Forum for Science, Industry and Business

Sponsored by:     3M 
Search our Site:

 

U of M-led study finds herbivores can offset loss of plant biodiversity in grassland

10.03.2014

Research spanning 6 continents sheds light on important interactions among nutrients, grazers, and plants

Two wrongs may not make a right. But when it comes to grassland plant species diversity, it just might. Two impacts often controlled by humans — being fertilized and being eaten — can combine to the benefit of biodiversity, according to an innovative international study led by U of M researchers Elizabeth Borer and Eric Seabloom.

The findings, published March 9 in the online edition of Nature in advance of print publication, are important in a world where humans are changing both herbivore distribution and the supply of nutrients like nitrogen or phosphorus, and where understanding the interplay among nutrients, herbivores and plant growth is critical to our capacity to feed a growing human population and protect threatened species and ecosystems.

To conduct the study, Borer and Seabloom enlisted the help of the Nutrient Network, or NutNet, a collaborative international experiment they and a few colleagues founded in 2005 as a resource for understanding how grasslands around the world will respond to a changing environment. NutNet scientists at 40 sites on six continents set up research plots with and without added fertilizer and with and without fences to keep out the local herbivores such as deer, kangaroos, sheep or zebras. Every year since then, they have measured the amount of plant material grown, light reaching the ground, and number of species of plants growing in the plots.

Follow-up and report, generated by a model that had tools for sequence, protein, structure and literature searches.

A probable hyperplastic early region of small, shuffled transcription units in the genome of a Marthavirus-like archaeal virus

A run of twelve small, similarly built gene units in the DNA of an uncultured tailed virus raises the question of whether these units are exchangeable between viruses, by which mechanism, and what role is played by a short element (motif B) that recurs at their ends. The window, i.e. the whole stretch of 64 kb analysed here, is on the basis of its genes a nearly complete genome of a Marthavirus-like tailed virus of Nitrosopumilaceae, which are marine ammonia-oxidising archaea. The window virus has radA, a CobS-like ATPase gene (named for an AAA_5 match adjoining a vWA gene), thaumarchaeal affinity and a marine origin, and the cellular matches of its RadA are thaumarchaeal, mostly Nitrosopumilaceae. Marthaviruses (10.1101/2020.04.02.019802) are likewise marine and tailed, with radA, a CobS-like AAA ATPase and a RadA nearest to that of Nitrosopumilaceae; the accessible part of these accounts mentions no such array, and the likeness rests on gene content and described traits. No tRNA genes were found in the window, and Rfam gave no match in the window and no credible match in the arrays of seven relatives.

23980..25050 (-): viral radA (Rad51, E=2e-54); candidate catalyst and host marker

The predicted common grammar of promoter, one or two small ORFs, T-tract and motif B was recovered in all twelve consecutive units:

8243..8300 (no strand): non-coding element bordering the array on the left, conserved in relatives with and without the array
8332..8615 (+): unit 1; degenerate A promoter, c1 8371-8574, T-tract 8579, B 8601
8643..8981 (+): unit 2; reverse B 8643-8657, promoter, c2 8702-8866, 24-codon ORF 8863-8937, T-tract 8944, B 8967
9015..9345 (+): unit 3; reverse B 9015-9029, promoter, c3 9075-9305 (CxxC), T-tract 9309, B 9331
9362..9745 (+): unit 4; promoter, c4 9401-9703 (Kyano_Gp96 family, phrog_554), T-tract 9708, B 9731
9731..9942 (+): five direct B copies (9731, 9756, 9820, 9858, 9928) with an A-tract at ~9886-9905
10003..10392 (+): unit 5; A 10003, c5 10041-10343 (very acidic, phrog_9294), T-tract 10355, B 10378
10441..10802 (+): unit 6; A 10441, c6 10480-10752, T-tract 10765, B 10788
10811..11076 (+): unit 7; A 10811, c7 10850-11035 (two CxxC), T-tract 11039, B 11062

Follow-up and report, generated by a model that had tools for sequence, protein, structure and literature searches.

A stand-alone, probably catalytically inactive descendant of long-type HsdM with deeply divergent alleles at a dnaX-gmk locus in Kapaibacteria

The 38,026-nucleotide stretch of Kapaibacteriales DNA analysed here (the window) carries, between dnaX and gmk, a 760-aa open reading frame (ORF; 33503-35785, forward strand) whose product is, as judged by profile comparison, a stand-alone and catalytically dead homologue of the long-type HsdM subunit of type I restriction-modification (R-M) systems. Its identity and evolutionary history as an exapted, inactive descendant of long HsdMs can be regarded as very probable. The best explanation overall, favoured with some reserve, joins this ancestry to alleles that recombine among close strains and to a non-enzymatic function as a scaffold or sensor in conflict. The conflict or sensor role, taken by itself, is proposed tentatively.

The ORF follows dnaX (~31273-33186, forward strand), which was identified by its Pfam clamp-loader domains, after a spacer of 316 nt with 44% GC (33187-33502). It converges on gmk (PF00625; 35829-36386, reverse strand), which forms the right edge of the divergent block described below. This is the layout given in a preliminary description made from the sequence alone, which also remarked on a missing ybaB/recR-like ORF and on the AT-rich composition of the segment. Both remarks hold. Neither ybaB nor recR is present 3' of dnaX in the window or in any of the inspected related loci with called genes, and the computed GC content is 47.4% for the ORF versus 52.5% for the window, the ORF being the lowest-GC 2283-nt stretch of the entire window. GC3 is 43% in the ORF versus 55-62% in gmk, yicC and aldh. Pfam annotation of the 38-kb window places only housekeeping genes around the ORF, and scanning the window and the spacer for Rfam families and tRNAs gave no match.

When the researchers compared data across the 40 study sites, they found that fertilizing reduced the number of plant species in the plots as species less able to tolerate a lack of light were literally overshadowed by fast-growing neighbors. On both fertilized and unfertilized plots, where removal of vegetation by herbivores increased the amount of light that struck the ground, plant species diversity increased. And these results held true whether the grassland was in Minnesota, Argentina or China, and whether the herbivores involved were rabbits, sheep, elephants or something else.

"Biodiversity benefits humans and the environments that sustain us. Understanding how human actions control biodiversity is important for maintaining a healthy environment," says Borer. "What this suggests is that these two impacts, which are ubiquitous globally, dovetail with changes in light availability at the ground level, and that appears to be a big factor in maintaining or losing biodiversity in grasslands. In short, where we see a change in light, we see a change in diversity."

The findings add a key piece to the puzzle of how human impacts affect prairies, savannas, alpine meadows and other grasslands. Biodiversity plays an important role in how resilient communities of plants and animals are in the face of change. By showing how fertilization, grazing, and biodiversity are linked, the research moves us one step closer to understanding what we can do to help keep grassland ecosystems and all of the services they provide healthy and thriving in a changing world.

"Global patterns of biodiversity have largely defied explanation due to many interacting, local driving forces," says Henry Gholz, program director in the National Science Foundation's (NSF) Division of Environmental Biology, which funded the coordination of this research. "These results show that grassland biodiversity is likely largely determined by the offsetting influences of nutrition and grazing on light capture by plants."

###

Yann Hautier, a Marie Curie Fellow associated with both the Department of Ecology, Evolution, and Behavior at the University of Minnesota and the Institute of Evolutionary Biology and Environmental Studies at the University of Zurich and U of M research scientist Eric Lind were co-authors of the study along with researchers from universities and government agencies around the world.